Before we’re born, we don’t even have to breathe on our own.
We take in oxygen through the placenta and the umbilical cord. The moment we leave the womb—the moment we are born—we are on our own.
We must breathe or we will die.
We gasp, we scream, we cry. Our lungs fill with air. They expand to full capacity for the first time.
Our first breath is so important, that Dr. Henry Truby of Sweden conducted a study where he was able to predict the personality, weaknesses and relative health of 15,000 children seven years later, after hearing only the form and intensity of their first cry.
These lungs that are expanding to capacity need more oxygen now. They begin to receive more blood flow than they received while we were in the womb. As a fetus, the lungs served virtually no purpose, so the divine intelligence of the body didn’t send a heavy flow of oxygenated blood there. It would have been a waste of fetal energy.
As a newborn, the umbilical cord is now no longer serving us. The body’s divine intelligence, once again, creates changes. The veins begin to constrict. They will eventually atrophy, leaving behind what we know as a “belly button.”
Use it or lose it.
No one teaches us to breathe. The compression of the fetal chest in the birth canal may cause the urge the breath. We are compressed, we are trapped, we need space—so our innate instinct is to breathe.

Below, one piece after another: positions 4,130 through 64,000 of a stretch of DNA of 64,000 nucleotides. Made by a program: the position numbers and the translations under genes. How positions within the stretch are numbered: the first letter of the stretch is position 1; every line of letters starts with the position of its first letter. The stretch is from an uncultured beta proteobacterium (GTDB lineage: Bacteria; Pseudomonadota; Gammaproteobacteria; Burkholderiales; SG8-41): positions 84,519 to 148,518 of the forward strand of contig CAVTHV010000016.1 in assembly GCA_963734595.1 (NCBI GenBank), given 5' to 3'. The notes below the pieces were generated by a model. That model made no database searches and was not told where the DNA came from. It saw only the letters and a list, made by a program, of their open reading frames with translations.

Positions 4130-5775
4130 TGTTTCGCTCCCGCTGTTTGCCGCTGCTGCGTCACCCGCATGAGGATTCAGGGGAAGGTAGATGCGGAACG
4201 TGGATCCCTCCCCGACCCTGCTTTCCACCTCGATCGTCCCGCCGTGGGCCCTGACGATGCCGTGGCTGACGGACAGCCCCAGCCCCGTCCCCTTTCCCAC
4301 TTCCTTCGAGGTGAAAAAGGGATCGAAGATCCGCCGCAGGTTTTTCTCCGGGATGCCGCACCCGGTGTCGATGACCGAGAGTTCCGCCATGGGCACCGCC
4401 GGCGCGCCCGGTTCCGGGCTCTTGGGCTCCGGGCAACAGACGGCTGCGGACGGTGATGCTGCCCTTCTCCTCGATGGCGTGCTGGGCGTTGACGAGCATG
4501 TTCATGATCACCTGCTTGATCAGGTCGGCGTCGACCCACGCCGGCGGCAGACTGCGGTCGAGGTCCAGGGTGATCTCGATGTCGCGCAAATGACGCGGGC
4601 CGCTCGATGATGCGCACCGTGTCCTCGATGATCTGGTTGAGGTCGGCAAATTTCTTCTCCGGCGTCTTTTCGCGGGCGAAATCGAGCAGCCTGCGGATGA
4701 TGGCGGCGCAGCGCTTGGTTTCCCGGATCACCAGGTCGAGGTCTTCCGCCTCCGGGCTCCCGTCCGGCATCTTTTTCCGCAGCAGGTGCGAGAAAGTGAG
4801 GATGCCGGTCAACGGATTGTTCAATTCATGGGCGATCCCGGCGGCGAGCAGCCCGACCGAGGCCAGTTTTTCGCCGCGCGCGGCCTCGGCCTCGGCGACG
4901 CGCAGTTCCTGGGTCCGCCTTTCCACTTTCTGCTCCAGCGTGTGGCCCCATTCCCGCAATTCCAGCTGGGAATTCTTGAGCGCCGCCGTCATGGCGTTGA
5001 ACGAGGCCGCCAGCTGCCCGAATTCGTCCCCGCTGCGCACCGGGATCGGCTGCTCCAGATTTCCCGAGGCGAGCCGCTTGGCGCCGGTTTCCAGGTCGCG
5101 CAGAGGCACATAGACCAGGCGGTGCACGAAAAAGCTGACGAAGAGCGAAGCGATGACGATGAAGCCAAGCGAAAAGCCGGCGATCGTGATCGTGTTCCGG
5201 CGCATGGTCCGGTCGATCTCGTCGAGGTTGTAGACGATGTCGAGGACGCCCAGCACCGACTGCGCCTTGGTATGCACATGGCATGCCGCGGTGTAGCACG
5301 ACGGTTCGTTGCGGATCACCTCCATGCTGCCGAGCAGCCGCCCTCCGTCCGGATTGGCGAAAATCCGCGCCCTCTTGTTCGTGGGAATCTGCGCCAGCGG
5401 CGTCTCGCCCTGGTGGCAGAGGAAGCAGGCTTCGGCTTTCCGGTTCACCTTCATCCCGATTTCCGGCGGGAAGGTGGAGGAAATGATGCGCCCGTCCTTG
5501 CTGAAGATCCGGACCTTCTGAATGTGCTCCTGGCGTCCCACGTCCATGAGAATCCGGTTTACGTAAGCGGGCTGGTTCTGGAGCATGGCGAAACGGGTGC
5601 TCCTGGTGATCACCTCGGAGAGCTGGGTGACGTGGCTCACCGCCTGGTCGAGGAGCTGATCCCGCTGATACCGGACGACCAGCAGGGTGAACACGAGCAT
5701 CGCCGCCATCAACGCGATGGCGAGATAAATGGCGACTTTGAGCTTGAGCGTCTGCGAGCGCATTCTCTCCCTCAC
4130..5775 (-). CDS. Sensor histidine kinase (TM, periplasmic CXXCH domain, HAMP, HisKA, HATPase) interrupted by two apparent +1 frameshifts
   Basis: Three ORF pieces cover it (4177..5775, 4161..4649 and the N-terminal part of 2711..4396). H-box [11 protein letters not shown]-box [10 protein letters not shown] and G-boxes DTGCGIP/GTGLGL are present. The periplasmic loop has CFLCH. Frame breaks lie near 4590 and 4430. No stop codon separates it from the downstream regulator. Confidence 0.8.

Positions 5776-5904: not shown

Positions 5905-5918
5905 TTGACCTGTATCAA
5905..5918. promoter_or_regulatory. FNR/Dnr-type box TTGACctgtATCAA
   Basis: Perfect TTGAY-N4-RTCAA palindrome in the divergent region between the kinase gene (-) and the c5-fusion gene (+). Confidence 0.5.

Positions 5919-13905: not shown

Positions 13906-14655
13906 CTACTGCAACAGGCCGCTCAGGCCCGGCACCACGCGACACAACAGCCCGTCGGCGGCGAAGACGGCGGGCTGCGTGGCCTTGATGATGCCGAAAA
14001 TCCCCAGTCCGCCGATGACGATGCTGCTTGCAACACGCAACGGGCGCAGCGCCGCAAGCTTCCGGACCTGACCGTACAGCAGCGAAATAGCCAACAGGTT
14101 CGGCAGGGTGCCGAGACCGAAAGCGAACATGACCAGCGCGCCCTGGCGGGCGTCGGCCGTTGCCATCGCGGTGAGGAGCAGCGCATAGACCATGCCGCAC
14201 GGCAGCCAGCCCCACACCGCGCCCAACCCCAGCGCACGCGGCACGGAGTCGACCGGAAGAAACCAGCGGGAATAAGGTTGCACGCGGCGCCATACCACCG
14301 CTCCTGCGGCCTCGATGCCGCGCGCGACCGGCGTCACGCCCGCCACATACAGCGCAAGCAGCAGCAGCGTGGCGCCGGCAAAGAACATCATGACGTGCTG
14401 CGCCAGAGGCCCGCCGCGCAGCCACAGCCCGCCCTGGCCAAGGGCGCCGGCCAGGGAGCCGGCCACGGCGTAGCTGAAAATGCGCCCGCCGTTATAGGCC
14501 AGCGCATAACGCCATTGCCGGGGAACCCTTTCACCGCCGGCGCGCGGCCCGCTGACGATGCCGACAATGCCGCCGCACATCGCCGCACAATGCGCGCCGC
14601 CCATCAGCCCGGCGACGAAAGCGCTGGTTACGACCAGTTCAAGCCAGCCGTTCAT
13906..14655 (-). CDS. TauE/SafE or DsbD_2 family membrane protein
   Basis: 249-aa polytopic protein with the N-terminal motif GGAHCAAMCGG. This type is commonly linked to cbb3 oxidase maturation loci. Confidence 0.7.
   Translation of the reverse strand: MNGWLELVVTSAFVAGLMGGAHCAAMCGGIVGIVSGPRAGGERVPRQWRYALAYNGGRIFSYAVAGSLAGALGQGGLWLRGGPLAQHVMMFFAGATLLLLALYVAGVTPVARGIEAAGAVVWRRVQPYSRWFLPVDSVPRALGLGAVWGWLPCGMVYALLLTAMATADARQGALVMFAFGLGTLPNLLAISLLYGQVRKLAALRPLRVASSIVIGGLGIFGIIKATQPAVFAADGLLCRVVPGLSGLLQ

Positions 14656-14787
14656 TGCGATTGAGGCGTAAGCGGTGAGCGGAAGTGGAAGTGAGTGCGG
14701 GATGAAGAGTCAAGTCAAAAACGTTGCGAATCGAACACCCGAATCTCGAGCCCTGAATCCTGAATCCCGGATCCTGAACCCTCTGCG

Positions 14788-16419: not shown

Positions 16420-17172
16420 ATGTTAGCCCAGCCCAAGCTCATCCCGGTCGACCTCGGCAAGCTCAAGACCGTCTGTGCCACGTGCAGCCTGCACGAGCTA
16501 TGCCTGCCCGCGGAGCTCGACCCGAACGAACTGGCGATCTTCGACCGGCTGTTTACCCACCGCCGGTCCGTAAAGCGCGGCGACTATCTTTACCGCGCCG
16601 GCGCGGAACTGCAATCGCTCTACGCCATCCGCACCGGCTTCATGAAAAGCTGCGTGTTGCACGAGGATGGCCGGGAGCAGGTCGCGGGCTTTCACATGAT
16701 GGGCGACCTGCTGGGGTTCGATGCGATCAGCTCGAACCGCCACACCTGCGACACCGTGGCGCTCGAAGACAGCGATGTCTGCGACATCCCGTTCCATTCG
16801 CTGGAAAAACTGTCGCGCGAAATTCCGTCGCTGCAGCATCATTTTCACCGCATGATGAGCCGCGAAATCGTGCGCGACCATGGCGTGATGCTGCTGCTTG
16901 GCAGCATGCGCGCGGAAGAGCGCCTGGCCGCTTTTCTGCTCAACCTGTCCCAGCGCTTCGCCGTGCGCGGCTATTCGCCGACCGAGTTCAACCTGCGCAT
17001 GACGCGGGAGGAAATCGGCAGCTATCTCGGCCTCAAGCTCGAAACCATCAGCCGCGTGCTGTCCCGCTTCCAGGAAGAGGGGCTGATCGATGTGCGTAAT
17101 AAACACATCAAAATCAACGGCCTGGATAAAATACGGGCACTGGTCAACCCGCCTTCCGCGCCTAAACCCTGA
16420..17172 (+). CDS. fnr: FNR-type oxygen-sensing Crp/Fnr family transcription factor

We know this as a newborn, because we haven’t yet learned to doubt, to mistrust.
We don’t learn how to breathe, but as we get older, we learn not to breathe.
As we grow, we also contract, and constrict as we learn fear, anxiety and stress. Our muscles contract and tense up when we are afraid, stressed or anxious. The fascia clings together. We hold our breath. We unconsciously learn not to breathe, not to fill our lungs to capacity, not to stand tall and take up space. We slouch and we shrink, fearful of being noticed, fearful of standing out.
Then one day we realize that we need to use our breath, our muscles, our body.
For me, it happened when I was about to lose my sanity—I realized I must use my breath and my body.
We are made of space, literally. We are made of exploding star stuff. Our atoms are 99 percent devoid of matter. They are empty.
We need the space—the expansion—that breathing creates.
It helps us to continue creating space, to become devoid of conditioning to continue unlearning the fear, anxiety, and stress that we have learned, the stories that we’ve held on to for dear life, even though they were no longer serving us. We continued using them, we didn’t let them atrophy and fall away like the umbilical cord we no longer needed as we progressed from a fetus to a newborn.
It helps us expand our bodies and our constricted, tightened muscles.
It helps us grow taller.
It helps us let go.
We allow the fear, anxiety, and stress to force us into a corner, until the urge to breathe is so strong that like the newborn baby whose chest was compressed in the birth canal, we let out a gasp, a cry, a scream.
We are reborn in that moment. Our lungs expand. Our awareness expands. We let go.
Every moment is our first breath—it is that vital, that important—the right here, right now.
Every moment can be that beautiful, as beautiful as baby’s first breath; perhaps those first cries are the throes of ecstasy, announcing one’s divinity: “Hello world, I am here!”
Don’t be afraid to take up space—breathe.
Editor: Kate Bartolotta